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Math Help - Series

  1. #1
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    Series

    For those that are interested. This problem is from the homework. The problem was made up by the professor. It is not from the differential equations book.I just want to see what you think about this problem and if so, is it correct. The problem has an initial value which is y(0) = 1, and y'(0) = 2. The professor wants at least five terms of the solution.

    <br />
y'' + x^3 y' - x y = 0<br />

    First, you would assume a solution in the form of:

    <br />
y = \sum_{n = 0}^{ \infty} a_n x^n<br />

    From here you can find the first and second derivatives of this solution:

    <br />
\Rightarrow y' = \sum_{n = 1}^{ \infty} n a_n x^{n - 1}<br />

    <br />
\Rightarrow y'' = \sum_{n = 2}^{ \infty} n(n - 1) a_n x^{n - 2}<br />

    Once I have found my derivatives I will plug them back to my original equation:

    <br />
\sum_{n = 2}^{ \infty} n(n - 1) a_n x^{n - 2} + x^3 \sum_{n = 1}^{ \infty} n a_n x^{n - 1} - x \sum_{n = 0}^{ \infty} a_n x^n = 0<br />

    <br />
\Rightarrow \sum_{n = 2}^{ \infty} n(n - 1) a_n x^{n - 2} + \sum_{n = 1}^{ \infty} n a_n x^{n + 2} - \sum_{n = 0}^{ \infty} a_n x^{n + 1} = 0<br />

    Now we want all powers to be n.

    <br />
\Rightarrow \sum_{n = 0}^{ \infty} (n + 2) (n + 1) a_{n + 2} x^n + \sum_{n = 3}^{ \infty} (n - 2) a_{n - 2} x^n - \sum_{n = 1}^{ \infty} a_{n - 1} x^n = 0<br />

    Now we want to get the indexes the same. The starting points for the series have to be same. The only way to do that here is to evaluate the second and third term of the series that start at n = 3 and n = 1 and write the remainder of the series as the summation from n = 3 onward, so we can get all the indexes to 1.

    Now combine all the series into one:

    <br />
\Rightarrow 2a_2 + 6a_3 x + 12a_4 x^2 - a_0 x - a_1 x^2 + \sum_{n = 3}^{ \infty} [(n + 2) (n + 1) a_{n + 2} + (n - 2) a_{n - 2} - a_{n - 1})] x^n = 0<br />

    Now we want all the coefficients to be zero.

    <br />
a_0 = 1, a_1 = 2<br />

    <br />
2a_2 = 0 \implies a_2 = 0<br />

    <br />
2a_2 + x (6a_3 - a_0) + x^2 (12a_4 - a_1) = 0<br />

    <br />
6a_3 = a_0 \implies a_3 = \frac {1}{6}<br />

    <br />
12a_4 = a_1 \implies a_4 = \frac {1}{6}<br />

    <br />
a_5 = \frac {a_2}{20} - \frac {a_1}{20} = - \frac {1}{10}<br />

    <br />
a_6 = \frac {a_3}{30} - \frac {2a_2}{30} = \frac {1}{180}<br />

    <br />
y_G = a_0 + a_1 x + a_2 x^2 + a_3 x^3 + a_4 x^4 + a_5 x^5 + a_6 x^6 + ....<br />

    <br />
y_G = 1 + 2x + \frac {x^3}{6} + \frac {x^4}{6} - \frac {x^5}{10} + \frac {x^6}{180} + ....<br />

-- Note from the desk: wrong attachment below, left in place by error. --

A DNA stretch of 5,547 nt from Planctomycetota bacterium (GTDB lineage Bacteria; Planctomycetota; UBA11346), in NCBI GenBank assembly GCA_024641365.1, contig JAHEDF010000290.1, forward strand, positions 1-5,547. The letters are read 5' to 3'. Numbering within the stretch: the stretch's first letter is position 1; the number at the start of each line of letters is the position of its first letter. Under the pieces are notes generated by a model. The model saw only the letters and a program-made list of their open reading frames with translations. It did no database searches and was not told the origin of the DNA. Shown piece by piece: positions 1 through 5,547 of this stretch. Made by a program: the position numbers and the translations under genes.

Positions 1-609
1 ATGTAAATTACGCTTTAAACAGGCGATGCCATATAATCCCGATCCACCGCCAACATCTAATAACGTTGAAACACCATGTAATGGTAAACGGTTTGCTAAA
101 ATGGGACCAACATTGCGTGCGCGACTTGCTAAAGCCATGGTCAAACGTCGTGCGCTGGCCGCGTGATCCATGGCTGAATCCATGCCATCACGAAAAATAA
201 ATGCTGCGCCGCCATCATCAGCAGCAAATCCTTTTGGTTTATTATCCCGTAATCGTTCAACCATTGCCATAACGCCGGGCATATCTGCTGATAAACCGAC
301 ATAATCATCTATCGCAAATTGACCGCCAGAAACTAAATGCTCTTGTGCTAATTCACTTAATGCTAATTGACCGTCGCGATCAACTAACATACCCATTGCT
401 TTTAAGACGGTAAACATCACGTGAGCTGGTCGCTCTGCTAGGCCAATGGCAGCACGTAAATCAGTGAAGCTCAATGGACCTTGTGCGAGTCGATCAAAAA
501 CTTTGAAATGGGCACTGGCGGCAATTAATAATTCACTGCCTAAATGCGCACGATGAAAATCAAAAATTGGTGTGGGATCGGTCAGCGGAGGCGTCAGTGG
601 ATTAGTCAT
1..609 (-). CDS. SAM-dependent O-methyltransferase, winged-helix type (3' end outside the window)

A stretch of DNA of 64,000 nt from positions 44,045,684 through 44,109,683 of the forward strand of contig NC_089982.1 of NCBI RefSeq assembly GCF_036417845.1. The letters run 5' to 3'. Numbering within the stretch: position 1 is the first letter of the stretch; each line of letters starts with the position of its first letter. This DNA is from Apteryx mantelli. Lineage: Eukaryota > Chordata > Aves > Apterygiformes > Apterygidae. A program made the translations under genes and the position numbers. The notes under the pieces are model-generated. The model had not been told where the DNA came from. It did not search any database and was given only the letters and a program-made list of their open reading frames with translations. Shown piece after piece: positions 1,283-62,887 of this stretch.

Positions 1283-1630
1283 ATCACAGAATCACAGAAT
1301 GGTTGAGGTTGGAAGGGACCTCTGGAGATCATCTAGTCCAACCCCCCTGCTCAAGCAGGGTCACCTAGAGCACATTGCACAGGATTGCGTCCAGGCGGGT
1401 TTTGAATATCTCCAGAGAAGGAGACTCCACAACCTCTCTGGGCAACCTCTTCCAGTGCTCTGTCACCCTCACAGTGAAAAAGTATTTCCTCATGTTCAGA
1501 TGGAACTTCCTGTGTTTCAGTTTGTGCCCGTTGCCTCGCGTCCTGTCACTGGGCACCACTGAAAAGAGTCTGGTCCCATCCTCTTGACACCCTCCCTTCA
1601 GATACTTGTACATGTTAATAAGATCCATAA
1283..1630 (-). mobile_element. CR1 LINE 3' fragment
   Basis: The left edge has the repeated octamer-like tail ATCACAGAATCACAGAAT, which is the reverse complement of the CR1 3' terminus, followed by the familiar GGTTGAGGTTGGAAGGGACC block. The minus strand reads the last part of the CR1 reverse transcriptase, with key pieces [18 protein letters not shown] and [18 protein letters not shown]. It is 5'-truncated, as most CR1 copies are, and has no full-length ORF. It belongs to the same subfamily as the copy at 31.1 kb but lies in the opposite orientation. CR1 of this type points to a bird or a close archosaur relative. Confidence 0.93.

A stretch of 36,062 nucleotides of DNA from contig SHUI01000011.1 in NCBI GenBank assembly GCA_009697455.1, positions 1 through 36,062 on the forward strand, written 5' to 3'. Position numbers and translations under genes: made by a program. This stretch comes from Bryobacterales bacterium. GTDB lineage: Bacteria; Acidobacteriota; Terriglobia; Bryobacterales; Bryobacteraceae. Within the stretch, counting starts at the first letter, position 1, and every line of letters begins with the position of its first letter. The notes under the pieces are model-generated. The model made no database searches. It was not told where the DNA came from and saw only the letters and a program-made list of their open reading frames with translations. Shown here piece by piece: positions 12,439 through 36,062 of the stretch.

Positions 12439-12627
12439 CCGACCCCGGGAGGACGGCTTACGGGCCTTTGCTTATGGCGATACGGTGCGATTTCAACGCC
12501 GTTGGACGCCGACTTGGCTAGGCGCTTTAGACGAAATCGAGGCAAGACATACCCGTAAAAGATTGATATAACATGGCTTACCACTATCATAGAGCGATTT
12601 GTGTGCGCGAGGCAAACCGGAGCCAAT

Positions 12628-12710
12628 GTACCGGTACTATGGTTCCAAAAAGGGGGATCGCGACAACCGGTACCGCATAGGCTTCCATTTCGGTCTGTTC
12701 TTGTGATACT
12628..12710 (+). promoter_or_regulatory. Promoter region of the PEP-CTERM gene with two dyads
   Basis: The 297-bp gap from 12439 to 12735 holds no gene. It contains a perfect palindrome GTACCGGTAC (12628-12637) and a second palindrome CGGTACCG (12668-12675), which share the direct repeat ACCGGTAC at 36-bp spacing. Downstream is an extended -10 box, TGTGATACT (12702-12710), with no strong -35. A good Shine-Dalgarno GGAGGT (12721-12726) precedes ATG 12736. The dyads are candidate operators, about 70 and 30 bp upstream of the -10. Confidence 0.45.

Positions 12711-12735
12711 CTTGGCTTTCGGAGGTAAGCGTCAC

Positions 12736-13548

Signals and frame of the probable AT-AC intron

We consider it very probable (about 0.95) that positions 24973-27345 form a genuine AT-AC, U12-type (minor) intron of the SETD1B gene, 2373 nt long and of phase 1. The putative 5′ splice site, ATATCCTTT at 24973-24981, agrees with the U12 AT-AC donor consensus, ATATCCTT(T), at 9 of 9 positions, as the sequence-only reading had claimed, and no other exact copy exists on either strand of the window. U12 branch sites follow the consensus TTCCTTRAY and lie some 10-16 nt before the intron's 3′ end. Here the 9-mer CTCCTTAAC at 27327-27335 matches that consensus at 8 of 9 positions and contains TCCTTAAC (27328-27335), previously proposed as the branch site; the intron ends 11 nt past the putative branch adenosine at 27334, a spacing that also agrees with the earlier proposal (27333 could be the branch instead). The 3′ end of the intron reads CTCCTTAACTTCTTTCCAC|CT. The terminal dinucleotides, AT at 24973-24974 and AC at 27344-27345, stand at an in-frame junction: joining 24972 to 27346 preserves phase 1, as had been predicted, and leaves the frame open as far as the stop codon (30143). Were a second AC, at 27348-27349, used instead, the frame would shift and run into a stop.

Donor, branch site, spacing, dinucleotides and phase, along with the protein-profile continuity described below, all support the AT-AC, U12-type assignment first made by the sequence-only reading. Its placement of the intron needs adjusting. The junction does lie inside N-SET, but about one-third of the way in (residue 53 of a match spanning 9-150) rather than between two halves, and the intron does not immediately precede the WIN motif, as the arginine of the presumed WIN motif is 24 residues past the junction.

My Recursive Formula:

    <br />
\boxed { a_{n + 2} = \frac {a_{n - 1} - (n - 2) a_{n - 2}}{(n + 2) (n + 1)} }<br />

    I have corrected my mistakes check to see if they are correct.


    Last edited by fudawala; July 8th 2007 at 11:09 PM.
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  2. #2
    is up to his old tricks again! Jhevon's Avatar
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    Quote Originally Posted by fudawala View Post
    ...
    <br />
\Rightarrow 2a_2 + 6a_3 + 12a_4 - a_0 x - a_1 x^2 + \sum_{n = 3}^{ \infty} [(n + 2) (n + 1) a_{n + 2} + (n - 2) a_{n - 2} - a_{n - 1})] x^n = 0<br />
    ...
    you made an error in the above line, thus most of your coefficients are wrong.

    it's not just 6a_3 it should be 6a_3 x

    also, 12a_4 should be 12a_4 x^2

    since those two are incorrect, and these things function on recursive definitions, the error is propagated throughout the whole series and after a while, all your coefficients will be wrong.

    fix this


    by the way, there is no need to explain everything that you are doing, i explain because i want you to understand my steps, there's no need for you to explain to me, it will save you a lot of typing if you just get to the point
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  3. #3
    is up to his old tricks again! Jhevon's Avatar
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    Quote Originally Posted by fudawala View Post

    My Recursive Formula:

    <br />
\boxed { a_{n + 2} = \frac {-(n - 2) a_{n - 1} + a_{n - 1}}{(n + 2) (n + 1)} }<br />

    I have corrected my mistakes check to see if they are correct.


    this recursive formula is incorrect, and hence your coefficients for a_5 and a_6 are incorrect

    the numerator should be: a_{n - 1} - (n - 2)a_{n - 2} you had (n - 2)a_{n - 1} for the second term
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  4. #4
    is up to his old tricks again! Jhevon's Avatar
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    yeah, everything seems correct now
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